like, you know, let's say - close to - REVERE him, or at least admire him and
LOVE him for the kind of human being he was, and got inspired by him, and the
vast majority of the population who only have heard of him secondhand through
the media or whatever...They think he's a criminal and a lunatic!

MB: Yea.

RM: Who gave students drugs and they threw him in jail because of that, and you
know, this kind of zany, crazy, completely absurd picture that has--

MH: But Tim said he wasn't surprised--

RM:--no relation to reality--

MH:--that that happened. You know, he was like--

RM:--Yea, how is that even possible? I mean it's very strange!

MB: Also, the fact that, at this late date, we're still talking about marijuana
as a narcotic?


And grouping "drugs"...If they're not medicines...You know, heroin, LSD, what
difference does it make, right? And it's ridiculous!

MH: Tim would say it's the last struggle of a dying evolutionary breed.

RM: Marijuana has that same dualistic thing, you know. For people who use it
it's life-saving medicine!

MB: Right.

RM: And for other people it's like a political football that they kick around
and don't have a clue as to what to do with it, except they don't like it!

MB: And the potential, again, of a psychoactive drug - whatever it happens to
be: LSD, mescaline, peyote, psilocybin - these organic, naturally occurring
compounds to just BLOW OPEN the filters of the brain and allow us to have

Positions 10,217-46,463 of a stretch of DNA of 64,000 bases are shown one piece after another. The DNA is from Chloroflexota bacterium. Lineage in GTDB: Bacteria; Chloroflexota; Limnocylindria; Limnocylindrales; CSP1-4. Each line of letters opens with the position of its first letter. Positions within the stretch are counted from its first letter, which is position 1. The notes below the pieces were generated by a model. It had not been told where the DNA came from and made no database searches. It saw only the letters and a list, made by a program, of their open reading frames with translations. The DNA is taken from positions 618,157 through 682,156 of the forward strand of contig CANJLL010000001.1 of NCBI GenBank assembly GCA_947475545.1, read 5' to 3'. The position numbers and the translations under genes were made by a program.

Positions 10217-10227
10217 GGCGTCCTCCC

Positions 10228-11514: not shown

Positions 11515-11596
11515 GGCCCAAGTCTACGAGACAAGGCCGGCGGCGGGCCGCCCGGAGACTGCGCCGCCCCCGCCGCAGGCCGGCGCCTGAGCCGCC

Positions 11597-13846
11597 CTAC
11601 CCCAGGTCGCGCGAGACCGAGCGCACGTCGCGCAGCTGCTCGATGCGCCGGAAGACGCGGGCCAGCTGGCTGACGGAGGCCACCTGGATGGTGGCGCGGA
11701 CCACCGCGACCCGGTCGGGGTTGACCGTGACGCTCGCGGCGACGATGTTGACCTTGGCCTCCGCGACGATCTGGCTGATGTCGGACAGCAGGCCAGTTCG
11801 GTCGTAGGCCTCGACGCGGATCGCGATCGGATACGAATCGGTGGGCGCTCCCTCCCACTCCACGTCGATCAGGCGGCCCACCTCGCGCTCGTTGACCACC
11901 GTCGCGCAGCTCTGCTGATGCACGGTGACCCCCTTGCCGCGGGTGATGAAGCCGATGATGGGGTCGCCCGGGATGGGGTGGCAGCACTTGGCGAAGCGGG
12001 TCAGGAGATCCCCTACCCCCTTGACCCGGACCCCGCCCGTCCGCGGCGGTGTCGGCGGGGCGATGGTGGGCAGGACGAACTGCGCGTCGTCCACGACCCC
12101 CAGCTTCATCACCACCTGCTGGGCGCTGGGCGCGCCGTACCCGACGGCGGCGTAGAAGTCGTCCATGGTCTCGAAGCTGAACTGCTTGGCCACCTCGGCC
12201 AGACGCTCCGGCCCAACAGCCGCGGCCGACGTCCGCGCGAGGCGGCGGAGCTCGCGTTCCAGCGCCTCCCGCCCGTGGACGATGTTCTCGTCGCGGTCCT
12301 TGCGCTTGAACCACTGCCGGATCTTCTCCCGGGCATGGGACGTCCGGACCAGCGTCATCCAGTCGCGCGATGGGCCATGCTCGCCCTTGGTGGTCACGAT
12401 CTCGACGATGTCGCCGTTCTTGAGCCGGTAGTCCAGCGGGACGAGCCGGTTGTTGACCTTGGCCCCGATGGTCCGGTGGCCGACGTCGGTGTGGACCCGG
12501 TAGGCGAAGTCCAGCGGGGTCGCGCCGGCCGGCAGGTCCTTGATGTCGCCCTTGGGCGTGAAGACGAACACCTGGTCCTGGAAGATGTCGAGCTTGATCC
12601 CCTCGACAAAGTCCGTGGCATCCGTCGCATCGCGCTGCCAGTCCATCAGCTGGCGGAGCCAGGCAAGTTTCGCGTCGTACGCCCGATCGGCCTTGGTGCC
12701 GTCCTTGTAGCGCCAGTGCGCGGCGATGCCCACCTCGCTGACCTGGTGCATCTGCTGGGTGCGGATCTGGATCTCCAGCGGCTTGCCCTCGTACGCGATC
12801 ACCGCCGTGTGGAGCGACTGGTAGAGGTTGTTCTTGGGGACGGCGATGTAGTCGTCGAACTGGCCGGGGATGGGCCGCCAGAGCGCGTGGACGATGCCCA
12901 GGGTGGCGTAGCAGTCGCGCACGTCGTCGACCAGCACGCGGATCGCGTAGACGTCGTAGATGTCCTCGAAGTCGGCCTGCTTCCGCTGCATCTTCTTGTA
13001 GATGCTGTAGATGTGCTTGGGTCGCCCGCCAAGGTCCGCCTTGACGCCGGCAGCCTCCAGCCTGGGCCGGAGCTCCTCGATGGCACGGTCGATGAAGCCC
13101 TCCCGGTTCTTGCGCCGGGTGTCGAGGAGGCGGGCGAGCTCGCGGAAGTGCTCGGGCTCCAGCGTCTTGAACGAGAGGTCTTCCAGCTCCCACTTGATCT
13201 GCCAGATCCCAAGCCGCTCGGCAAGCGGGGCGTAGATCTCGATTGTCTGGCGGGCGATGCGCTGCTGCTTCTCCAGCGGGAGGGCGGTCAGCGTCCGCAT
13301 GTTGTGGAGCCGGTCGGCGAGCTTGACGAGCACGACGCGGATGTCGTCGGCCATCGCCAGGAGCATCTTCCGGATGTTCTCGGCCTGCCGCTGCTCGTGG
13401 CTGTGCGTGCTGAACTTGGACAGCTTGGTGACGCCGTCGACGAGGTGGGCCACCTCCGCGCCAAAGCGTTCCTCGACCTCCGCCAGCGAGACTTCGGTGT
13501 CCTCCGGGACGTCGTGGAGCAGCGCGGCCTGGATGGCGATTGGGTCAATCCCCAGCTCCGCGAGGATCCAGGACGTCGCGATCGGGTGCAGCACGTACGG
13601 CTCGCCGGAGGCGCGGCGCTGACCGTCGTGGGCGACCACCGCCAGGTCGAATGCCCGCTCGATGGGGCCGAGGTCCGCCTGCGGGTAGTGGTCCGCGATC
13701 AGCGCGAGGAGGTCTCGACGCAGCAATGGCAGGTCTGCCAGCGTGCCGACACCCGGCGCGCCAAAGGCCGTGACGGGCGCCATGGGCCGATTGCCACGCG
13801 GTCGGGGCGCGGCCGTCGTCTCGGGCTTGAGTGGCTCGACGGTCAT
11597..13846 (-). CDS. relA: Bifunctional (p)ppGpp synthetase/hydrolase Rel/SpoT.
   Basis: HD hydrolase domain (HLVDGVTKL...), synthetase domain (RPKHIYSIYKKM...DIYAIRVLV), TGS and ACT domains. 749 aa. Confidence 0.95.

instant mystical experiences...to compare that to a DOWNER or to
methamphetamine or something is just...

RM: Right...or alcohol or any of those things--

MB: Yea! It's just absurd!

RM: Yea, we must be doing something right as a culture that we have them at
all, I figure. A psychic that we know we once asked about the history of these
things in civilization and she said, "Well, you know, as long as people use
them in a respectful way they've always been our allies. But when people misuse
them or treat them disrespectfully they kind of disappear." Meaning the
knowledge of them was lost. And that was the case with mushrooms, you see. The
knowledge of the mushrooms of ancient Mexico, which was the central sacrament
in their culture, went completely underground to the point where science
thought oh, it never existed, or they thought it was just uhh...[Laughs] you
know, MADE UP! Until Wasson rediscovered it and found a living practitioner of